Road pricing is dead

 

The overwhelming vote against a Manchester congestion charge shows that local democracy is not the best of determining complex issues. Sure, this was not the best scheme in the world and mistakes were made in the way that it was promoted, but overall it was better than the status quo. Frankly, most people had little to lose apart from their car addiction.

 Yet the 4 -1 vote against suggests that government attempts to pass on the risk of political fall out to local authorities over congestion charge schemes are now dead. It is simply too easy for opponents to muster arguments against any sort of extra taxation to make such referendums winnable. Any move towards road pricing would have to come from the centre and it is already clear that ministers simply do not have the bottle to initiate such a programme. Road pricing was once always ten years ahead, but it now seems light years away.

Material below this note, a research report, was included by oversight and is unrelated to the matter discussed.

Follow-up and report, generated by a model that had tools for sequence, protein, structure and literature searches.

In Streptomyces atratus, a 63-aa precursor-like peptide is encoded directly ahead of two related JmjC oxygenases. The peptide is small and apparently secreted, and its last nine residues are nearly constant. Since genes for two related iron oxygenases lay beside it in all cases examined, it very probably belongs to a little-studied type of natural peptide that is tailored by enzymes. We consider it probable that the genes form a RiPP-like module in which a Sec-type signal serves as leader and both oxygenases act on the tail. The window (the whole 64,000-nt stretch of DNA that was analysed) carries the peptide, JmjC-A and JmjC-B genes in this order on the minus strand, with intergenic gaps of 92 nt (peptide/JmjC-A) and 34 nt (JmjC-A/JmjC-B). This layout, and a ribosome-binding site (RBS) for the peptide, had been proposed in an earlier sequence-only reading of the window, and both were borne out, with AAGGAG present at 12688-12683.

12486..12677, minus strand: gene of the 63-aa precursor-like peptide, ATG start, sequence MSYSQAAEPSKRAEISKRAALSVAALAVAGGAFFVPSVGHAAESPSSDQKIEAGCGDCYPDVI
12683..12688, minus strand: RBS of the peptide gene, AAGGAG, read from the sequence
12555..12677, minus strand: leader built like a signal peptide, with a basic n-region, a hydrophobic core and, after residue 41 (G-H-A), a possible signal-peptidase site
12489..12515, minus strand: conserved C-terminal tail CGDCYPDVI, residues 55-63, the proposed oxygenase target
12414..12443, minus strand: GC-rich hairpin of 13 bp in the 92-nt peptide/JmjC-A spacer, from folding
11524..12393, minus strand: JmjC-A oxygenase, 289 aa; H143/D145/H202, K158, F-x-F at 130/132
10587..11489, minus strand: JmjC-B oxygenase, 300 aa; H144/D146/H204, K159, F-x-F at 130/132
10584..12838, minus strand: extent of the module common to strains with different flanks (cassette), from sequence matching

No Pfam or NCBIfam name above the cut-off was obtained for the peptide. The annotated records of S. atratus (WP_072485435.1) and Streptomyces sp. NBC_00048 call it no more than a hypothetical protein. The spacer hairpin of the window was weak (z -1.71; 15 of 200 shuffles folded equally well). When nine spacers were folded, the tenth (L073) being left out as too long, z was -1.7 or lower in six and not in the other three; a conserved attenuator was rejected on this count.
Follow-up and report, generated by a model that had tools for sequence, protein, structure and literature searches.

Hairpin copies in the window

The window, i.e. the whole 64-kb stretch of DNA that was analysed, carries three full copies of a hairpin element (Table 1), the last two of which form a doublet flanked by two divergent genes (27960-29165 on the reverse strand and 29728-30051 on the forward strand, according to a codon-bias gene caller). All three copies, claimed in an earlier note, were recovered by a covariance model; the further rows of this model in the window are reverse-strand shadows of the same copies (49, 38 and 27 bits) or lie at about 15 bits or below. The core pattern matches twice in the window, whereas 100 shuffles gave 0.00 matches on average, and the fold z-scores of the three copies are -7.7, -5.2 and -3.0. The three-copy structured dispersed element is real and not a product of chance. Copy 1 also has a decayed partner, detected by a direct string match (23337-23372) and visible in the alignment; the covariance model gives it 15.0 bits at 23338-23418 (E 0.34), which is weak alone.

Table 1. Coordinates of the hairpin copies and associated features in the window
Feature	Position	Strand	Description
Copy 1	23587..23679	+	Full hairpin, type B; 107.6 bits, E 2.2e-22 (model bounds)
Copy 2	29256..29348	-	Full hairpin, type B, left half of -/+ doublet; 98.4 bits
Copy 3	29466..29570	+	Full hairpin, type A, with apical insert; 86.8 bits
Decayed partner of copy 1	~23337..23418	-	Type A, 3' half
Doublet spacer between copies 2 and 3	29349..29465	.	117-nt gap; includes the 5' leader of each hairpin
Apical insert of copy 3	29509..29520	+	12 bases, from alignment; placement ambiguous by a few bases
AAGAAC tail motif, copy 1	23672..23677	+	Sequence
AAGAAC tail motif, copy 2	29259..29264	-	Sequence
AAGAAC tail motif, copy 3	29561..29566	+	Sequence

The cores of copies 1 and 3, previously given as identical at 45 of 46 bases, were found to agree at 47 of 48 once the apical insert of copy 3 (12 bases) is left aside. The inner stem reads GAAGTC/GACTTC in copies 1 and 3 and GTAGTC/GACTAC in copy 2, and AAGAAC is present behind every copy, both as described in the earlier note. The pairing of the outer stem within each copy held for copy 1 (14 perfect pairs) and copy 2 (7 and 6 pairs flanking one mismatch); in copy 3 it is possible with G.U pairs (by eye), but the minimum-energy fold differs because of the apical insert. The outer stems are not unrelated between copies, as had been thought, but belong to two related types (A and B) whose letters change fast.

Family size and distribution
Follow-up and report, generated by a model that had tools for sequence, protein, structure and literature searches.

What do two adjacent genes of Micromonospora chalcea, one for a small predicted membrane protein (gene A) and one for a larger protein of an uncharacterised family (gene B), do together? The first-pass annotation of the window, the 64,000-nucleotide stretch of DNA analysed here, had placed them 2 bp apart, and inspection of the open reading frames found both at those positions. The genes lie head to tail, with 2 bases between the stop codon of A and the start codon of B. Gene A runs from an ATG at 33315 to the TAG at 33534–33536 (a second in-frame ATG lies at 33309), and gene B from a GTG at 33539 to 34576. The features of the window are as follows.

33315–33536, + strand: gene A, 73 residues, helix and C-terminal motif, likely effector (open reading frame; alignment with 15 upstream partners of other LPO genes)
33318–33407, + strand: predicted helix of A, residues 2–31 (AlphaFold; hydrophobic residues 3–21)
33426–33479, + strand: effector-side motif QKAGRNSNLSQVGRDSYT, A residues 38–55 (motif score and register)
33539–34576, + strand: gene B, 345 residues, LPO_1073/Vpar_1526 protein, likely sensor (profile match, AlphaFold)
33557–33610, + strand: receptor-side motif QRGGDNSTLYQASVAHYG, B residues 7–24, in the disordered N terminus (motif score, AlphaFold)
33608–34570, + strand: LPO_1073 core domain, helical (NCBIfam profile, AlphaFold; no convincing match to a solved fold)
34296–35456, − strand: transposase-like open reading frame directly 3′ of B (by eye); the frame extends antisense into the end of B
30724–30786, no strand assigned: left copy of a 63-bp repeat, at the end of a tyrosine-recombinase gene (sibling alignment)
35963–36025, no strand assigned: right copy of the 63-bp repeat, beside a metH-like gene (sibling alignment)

The interesting question now is how will transport ministers react. They may simply retreat and decide to reallocated all the cash freed up by this decision to more roadbuilding. Or they could be cannier, and decide that could run a competition for a local authority to become a beacon area for sustainable transport and use the money on that. No vote needed!

 My guess though, from seeing Geoff Hoon’s early pronouncements, is that he will rub his hands in glee at the prospect of building more roads.

 

 

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